Rotator cuff tear

  • Etiology
    • Chronic degenerative tear seen in older adults (> 50 years)
    • Acute injury seen mostly in athletes (e.g., infraspinatus tear in baseball pitchers)
    • Inflammatory: a complication of rotator cuff tendinitis
  • Clinical features
    • Most commonly affects the supraspinatus tendon
    • Acute ruptures: acute severe pain and loss of strength
    • Degenerative ruptures: chronic pain; loss of strength less pronounced
    • Restriction of ROM (depending on which muscle is involved)
  • Diagnostics
    • Clinical diagnosis (see “Diagnostics” above)
    • X-ray: superior displacement of the humeral head (high-riding humeral head)
    • Ultrasound and then possibly MRI to evaluate the extent and location of the rupture
  • Treatment
    • Treatment of degenerative rupture, especially in elderly, inactive patients, can be conservative (see “Conservative treatment” above).
    • Surgical repair of the rotator cuff is recommended in cases of traumatic rupture, especially in physically active patients , or treatment-refractory cases.

References:[9]

We list the most important complications. The selection is not exhaustive.

  1. Zlatkin MB. MRI of the Shoulder. Lippincott Williams & Wilkins ; 2003
  2. Nagy MT, MacFarlane RJ, Khan Y, Waseem M. The Frozen Shoulder: Myths and Realities. The Open Orthopaedics Journal. 2013; 7 (1): p.352-355. doi: 10.2174/1874325001307010352 . | Open in Read by QxMD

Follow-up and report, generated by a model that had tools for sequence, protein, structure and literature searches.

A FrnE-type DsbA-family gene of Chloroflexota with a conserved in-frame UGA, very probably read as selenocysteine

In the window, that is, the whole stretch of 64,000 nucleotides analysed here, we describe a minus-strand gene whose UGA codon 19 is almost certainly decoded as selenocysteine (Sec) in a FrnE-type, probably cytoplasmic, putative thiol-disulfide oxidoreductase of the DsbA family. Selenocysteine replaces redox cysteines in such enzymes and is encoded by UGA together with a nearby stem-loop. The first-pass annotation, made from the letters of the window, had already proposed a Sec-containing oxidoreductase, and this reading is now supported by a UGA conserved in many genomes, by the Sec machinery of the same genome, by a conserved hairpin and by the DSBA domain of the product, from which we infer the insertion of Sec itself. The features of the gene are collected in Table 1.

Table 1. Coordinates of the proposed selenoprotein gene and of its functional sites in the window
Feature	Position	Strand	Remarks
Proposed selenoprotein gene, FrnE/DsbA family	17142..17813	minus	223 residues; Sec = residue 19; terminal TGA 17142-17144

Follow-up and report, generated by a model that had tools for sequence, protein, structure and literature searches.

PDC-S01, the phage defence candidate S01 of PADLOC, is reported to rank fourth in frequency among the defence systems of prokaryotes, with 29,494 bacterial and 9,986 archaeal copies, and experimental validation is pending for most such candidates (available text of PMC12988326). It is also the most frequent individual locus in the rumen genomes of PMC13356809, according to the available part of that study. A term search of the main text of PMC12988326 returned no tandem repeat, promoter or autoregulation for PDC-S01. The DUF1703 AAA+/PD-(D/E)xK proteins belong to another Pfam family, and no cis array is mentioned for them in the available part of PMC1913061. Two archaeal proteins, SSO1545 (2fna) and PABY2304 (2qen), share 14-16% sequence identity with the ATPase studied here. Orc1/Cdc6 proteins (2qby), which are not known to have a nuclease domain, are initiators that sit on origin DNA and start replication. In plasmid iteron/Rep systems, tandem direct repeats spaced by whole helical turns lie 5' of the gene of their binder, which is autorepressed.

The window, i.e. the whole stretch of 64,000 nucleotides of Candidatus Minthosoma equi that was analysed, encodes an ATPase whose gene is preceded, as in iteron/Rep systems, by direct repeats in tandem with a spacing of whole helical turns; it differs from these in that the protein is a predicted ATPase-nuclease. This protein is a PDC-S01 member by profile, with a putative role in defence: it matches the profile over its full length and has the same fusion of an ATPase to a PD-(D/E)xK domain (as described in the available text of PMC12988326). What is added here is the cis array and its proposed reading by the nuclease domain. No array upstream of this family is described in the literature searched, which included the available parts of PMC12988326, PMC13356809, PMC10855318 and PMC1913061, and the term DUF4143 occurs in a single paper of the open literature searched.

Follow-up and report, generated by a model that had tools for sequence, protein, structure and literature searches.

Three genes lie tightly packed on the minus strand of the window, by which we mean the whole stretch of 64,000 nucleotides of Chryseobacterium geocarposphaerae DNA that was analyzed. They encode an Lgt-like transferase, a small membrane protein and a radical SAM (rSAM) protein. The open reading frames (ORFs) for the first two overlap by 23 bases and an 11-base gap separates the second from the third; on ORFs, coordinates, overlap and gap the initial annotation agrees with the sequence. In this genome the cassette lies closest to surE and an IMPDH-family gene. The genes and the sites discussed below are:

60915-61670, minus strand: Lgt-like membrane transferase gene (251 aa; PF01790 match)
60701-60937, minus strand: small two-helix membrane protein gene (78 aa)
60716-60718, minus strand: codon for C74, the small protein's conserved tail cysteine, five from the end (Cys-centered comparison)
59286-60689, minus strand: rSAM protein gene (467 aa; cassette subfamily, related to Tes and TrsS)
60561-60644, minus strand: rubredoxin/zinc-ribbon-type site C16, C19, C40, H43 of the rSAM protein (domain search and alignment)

3. Kalaycı CB, Kızılkaya E. Calcific tendinitis: intramuscular and intraosseous migration.. Diagn Interv Radiol. 2019; 25 (6): p.480-484. doi: 10.5152/dir.2019.18593 . | Open in Read by QxMD
  4. Wilson JJ, Best TM. Common Overuse Tendon Problems: A Review and Recommendations for Treatment. Am Fam Physician. 2005; 72 (5): p.811-818.
  5. MacDonald PB, Clark P, Sutherland K. An analysis of the diagnostic accuracy of the Hawkins and Neer subacromial impingement signs. Journal of Shoulder and Elbow Surgery. 2000; 9 (4): p.299-301. doi: 10.1067/mse.2000.106918 . | Open in Read by QxMD
  6. Hermans J, Luime JJ, Meuffels DE, Reijman M, Simel DL, Bierma-Zeinstra SMA. Does this patient with shoulder pain have rotator cuff disease?. JAMA. 2013; 310 (8): p.837. doi: 10.1001/jama.2013.276187 . | Open in Read by QxMD
  7. Bak K, Sørensen AKB, Jørgensen U, et al. The value of clinical tests in acute full-thickness tears of the supraspinatus tendon: Does a subacromial Lidocaine injection help in the clinical diagnosis? A prospective study. Arthroscopy. 2010; 26 (6): p.734-742. doi: 10.1016/j.arthro.2009.11.005 . | Open in Read by QxMD
  8. McFarland E, Bernard J, Dein E, Johnson A. Diagnostic injections about the shoulder. J Am Acad Orthop Surg. 2017; 25 (12): p.799-807. doi: 10.5435/jaaos-d-16-00076 . | Open in Read by QxMD
  9. Epidemiology of the rotator cuff tears: a new incidence related to thyroid disease. https://www.ncbi.nlm.nih.gov/pmc/articles/PMC4241421/. Updated: November 17, 2014. Accessed: February 16, 2017.